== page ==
heat rice in a pan with coconut oil and chopped bok choy, sprinkle with soy-free soy sauce, ‘coconut aminos’ or tamari

 

  • miso stew

heat 2 cups of water with 1 cup of rice, and whisk in 1 tablespoon chickpea miso for a quick soy-free soup

 

  • rice salad

toss leftover rice with your favorite salad dressing for a side dish

 

  • rice pasta

heat 2 cups rice with a little olive oil and 1 cup of your favorite pasta sauce and add favorite pasta veggies

 

  • rice balls with sesame seeds

roll ¼ cup rice on a plate with ¼ cup toasted sesame seeds and 1/2 teaspoons sea salt – yummy little rice balls!

 

 

As with every meal, give a little gratitude for your simple, whole-grain meal.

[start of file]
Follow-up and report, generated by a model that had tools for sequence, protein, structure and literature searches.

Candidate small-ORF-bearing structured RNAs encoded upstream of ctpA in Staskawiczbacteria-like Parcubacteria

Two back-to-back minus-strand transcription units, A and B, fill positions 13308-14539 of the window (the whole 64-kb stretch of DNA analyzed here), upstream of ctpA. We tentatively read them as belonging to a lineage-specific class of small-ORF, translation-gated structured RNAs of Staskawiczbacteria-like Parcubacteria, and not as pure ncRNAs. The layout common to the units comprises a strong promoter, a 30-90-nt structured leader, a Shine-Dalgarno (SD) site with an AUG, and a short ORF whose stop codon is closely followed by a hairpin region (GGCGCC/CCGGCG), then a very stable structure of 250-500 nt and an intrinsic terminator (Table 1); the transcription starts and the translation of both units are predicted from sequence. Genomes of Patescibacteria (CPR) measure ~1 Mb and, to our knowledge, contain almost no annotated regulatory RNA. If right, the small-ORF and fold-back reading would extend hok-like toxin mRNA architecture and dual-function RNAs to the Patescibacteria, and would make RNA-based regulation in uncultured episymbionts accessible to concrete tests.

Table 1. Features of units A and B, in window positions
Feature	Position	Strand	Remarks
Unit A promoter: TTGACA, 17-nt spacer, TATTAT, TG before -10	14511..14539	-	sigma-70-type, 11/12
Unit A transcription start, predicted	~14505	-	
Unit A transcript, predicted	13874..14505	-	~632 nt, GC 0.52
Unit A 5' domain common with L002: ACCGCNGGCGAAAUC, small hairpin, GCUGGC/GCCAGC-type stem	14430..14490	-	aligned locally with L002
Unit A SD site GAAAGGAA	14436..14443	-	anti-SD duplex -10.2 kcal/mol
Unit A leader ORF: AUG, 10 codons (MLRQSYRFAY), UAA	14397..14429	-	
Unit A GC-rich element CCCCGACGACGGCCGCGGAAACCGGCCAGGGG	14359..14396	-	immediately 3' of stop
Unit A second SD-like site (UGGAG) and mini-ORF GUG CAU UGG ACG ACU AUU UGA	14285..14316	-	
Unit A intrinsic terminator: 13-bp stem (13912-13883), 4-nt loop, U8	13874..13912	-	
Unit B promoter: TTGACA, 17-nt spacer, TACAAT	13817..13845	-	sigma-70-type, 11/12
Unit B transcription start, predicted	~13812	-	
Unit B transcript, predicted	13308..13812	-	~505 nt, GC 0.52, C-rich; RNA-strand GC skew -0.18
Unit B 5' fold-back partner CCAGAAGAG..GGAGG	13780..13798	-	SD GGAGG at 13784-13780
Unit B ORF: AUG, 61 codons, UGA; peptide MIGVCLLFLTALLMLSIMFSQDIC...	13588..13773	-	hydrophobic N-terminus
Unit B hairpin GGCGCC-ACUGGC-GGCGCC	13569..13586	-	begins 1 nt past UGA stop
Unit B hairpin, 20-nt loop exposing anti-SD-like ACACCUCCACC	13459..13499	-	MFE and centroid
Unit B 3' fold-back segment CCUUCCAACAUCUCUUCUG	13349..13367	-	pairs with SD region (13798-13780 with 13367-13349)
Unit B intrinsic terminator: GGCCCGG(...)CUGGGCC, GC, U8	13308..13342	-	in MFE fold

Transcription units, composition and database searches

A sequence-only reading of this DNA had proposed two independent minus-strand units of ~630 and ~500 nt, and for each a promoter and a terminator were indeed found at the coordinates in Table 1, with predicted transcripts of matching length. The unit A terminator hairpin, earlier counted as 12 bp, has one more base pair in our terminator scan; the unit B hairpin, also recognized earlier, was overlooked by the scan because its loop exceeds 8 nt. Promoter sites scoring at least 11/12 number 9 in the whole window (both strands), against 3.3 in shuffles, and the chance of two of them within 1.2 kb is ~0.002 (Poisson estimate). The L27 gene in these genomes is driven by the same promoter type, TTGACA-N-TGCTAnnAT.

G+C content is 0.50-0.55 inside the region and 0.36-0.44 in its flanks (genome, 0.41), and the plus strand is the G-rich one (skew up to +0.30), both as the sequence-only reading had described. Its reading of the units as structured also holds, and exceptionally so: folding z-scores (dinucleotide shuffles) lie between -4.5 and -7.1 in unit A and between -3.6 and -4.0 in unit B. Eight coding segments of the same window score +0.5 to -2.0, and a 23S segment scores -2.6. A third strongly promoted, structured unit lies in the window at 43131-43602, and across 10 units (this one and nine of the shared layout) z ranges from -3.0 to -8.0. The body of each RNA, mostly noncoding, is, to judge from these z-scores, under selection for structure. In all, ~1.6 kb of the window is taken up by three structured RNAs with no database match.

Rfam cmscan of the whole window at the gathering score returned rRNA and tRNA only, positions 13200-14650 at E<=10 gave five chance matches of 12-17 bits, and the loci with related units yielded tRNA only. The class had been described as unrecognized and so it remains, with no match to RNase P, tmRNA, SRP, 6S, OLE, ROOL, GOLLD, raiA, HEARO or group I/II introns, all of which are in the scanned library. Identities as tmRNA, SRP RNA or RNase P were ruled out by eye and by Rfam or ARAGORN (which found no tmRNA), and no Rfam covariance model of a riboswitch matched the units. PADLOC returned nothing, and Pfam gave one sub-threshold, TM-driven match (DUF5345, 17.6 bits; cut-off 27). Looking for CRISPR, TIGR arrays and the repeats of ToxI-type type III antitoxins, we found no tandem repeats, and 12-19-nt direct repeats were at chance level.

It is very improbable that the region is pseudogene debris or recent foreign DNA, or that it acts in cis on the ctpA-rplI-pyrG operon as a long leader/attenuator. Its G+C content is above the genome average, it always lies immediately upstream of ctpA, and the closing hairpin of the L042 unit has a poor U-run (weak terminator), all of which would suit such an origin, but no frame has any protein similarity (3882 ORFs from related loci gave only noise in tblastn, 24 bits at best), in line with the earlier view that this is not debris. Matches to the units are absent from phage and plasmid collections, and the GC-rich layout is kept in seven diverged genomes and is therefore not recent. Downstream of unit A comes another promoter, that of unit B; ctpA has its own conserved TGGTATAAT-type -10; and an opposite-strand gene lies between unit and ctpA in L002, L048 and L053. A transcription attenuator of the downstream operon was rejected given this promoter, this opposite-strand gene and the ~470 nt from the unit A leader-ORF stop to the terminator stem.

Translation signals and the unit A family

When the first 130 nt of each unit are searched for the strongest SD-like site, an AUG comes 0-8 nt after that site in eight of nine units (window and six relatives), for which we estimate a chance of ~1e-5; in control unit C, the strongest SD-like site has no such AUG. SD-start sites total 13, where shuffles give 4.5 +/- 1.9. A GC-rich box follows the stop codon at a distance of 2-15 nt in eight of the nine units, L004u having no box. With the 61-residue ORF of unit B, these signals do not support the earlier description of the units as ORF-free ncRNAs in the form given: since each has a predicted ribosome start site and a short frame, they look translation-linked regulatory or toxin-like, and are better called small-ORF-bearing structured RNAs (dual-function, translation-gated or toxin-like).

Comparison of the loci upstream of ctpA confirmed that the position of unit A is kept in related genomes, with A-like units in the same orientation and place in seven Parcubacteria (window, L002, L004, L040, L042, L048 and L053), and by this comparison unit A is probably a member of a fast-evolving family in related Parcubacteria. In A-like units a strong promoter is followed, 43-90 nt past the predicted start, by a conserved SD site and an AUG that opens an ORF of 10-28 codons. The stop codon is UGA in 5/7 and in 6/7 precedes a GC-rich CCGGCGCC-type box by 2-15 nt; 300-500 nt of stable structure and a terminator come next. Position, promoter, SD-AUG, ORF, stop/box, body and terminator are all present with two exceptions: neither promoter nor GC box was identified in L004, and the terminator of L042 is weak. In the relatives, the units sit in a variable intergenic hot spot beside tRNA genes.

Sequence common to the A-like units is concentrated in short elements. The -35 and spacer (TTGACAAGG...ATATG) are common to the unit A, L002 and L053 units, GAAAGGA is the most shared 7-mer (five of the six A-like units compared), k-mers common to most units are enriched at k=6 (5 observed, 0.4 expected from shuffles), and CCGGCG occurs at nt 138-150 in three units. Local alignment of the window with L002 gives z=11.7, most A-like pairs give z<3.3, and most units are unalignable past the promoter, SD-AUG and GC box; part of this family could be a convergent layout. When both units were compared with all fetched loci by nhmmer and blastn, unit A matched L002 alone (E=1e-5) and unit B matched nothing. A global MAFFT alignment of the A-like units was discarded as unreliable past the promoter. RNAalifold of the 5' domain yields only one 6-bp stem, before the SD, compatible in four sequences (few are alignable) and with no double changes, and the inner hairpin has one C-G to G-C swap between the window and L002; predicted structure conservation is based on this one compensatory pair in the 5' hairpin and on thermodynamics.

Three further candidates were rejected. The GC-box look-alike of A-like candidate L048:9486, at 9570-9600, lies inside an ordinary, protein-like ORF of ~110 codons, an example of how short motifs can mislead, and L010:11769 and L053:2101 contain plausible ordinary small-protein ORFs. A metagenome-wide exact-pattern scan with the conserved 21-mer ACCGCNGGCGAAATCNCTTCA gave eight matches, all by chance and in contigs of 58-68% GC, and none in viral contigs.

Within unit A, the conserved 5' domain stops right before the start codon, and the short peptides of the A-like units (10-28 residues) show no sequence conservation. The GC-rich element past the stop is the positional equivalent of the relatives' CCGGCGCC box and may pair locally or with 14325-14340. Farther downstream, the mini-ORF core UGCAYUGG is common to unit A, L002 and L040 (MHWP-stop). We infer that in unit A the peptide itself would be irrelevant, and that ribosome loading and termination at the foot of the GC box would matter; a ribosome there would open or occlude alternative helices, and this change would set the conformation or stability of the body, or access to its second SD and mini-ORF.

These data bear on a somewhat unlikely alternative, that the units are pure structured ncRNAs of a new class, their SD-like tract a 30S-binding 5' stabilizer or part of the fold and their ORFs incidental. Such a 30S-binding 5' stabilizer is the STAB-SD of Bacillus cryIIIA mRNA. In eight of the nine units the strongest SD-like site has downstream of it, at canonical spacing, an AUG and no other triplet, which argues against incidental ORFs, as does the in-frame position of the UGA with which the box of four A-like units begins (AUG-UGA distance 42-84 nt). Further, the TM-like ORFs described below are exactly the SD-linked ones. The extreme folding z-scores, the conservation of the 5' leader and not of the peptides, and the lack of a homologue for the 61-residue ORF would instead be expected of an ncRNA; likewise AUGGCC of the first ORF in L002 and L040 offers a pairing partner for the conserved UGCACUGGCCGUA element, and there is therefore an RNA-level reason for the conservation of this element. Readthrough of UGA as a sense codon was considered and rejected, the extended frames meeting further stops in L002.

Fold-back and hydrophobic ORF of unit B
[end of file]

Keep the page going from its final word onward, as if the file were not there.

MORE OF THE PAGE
Research shows that gratitude practices, even a tiny “thanks for the grub!” over your miso stew, helps you feel more optimistic, lowers stress, and increases your happiness.

 

I know I’m grateful for my grains,

And I’m grateful for you, my online “clan of the crave bears” –

 

Have a beautiful week,

and enjoy your rice!

 

Xo,

Alex

 

P.S. chewing your grains is super important, especially if you suspect leaky gut or have any bloating or tummy issues. Chewing until your grains are almost liquid helps your body digest them better – and we want happy bellies!

 

 

Shredded Sweet Sprouts! Brussels Sprouts for the whole family

A simple side dish of Brussels Sprouts makes any meal healthier – but what if your kid won’t eat them?

Add a hint of sweetness with sautéed apples and a touch of maple syrup – they’ll be begging for more!

*A touch of maple syrup won’t degrade the overall healthy benefits of these powerful cancer-fighting sprouts, and 1 serving has 8-12 grams of fiber, which is more than many Americans get in a day! (You should aim for at least 30 grams a day, BTW)

Shredded & Sweet Brussels Sprouts Salad

Shredded & Sweet Brussels Sprouts Salad

Shredded & Sweet Brussels Sprouts

Ingredients

2 tablespoons extra virgin olive oil